By seizing power through a military victory against an incumbent regime, the Taliban joins the ranks of dozens of other regimes over the past 75 years that formed after successful armed rebellion. Our research suggests the Taliban will confront an immediate hurdle: holding its ranks together before it can hope to consolidate control over Afghanistan.
While Afghanistan is a difficult territory to govern, the Taliban faces challenges within its own organization. With a relatively decentralized and autonomous military apparatus and few institutional mechanisms of central control, the formerly exiled Taliban leadership may struggle to maintain the loyalty of its own armed forces.
How do groups transform from guerrilla fighters to government forces?
We’ve analyzed all “rebel regimes” — rebel groups that seized national power after an armed struggle — that emerged since 1945. We collect data on these groups’ political-military relations and organizational structures and study how these factors shape post-conflict politics. How does the Taliban compare to other regimes that emerged after periods of armed rebellion — and where are the likely political fault lines?
Like most rebel regimes, the Taliban is coming into power with several important strengths. Rebel regimes typically replace the existing military with their own armed forces, which gives the new political regime a source of organizational control. The Taliban bring its considerable military forces, now fortified with weapons that coalition forces and Afghan soldiers left behind. The Taliban is also unusual among other rebel regimes — it is getting a second shot at power, so it has some governing experience most other rebel regimes lack.
These strengths will be pitted against the many threats to the emerging Taliban regime. It faces an armed rebellion in the Panjshir Valley as high-ranking officials of the former regime regroup and begin an insurgency of their own — and with some foreign support. And as these acts of defiance show, many Afghans don’t support the return to Taliban rule, while the initial reactions from foreign governments range from cool and cautious to actively hostile.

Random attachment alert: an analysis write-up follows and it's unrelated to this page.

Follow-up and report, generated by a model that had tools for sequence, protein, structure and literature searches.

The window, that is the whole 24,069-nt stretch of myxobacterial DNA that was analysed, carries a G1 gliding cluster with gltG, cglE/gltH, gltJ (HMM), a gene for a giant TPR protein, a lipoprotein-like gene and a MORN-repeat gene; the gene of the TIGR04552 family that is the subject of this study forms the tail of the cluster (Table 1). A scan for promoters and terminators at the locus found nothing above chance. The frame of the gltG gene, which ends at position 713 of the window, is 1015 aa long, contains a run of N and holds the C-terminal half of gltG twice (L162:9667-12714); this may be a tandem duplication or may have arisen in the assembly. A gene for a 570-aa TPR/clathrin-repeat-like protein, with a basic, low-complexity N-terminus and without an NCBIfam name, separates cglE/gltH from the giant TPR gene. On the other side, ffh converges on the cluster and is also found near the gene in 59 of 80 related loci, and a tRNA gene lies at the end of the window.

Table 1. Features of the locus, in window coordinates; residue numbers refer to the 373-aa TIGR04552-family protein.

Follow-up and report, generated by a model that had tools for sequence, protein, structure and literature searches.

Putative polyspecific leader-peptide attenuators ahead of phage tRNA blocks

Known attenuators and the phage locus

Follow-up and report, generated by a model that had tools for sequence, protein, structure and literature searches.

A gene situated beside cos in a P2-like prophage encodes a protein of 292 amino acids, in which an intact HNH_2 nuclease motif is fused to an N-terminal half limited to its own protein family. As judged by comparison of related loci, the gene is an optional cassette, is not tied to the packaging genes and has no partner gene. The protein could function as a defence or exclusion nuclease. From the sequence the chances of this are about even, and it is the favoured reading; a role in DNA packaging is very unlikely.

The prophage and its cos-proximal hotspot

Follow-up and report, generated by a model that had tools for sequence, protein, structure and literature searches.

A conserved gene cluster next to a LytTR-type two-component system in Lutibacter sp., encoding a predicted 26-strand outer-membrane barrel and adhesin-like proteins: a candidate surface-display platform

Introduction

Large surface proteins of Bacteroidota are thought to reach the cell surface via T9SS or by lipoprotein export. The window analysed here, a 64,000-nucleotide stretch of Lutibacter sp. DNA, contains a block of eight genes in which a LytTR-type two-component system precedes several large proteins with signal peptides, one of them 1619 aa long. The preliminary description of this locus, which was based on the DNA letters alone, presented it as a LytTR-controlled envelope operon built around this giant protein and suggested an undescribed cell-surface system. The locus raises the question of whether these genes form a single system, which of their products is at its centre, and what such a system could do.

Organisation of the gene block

Internal strife may be the biggest challenge
But as political scientists have shown, the principal threats to emerging regimes often come from within. And the Taliban has an important internal weakness: tenuous political control over its own armed forces. If other rebellions offer any clues, the very army that brought the Taliban to power could prove its primary obstacle to exercising power.
The Taliban military wing that emerged in 2002 operated largely without central oversight. Military commanders operated with high levels of independence from the exiled political leadership largely based in Quetta, Pakistan. While the decentralized nature of Taliban forces may have helped them survive the war, it poses immediate threats to internal unity and political control during the transition from guerrilla movement to government.
How to keep commanders in check
Our research shows that political leaders in rebel groups ensure the loyalty of their armed wings in three main ways: They promote individuals from their prewar organizations to top command positions; embed political commissars in the ranks; and establish new intelligence and security services to rein in disloyal commanders. These measures help ensure that the armed wing remains subordinate to the political wing.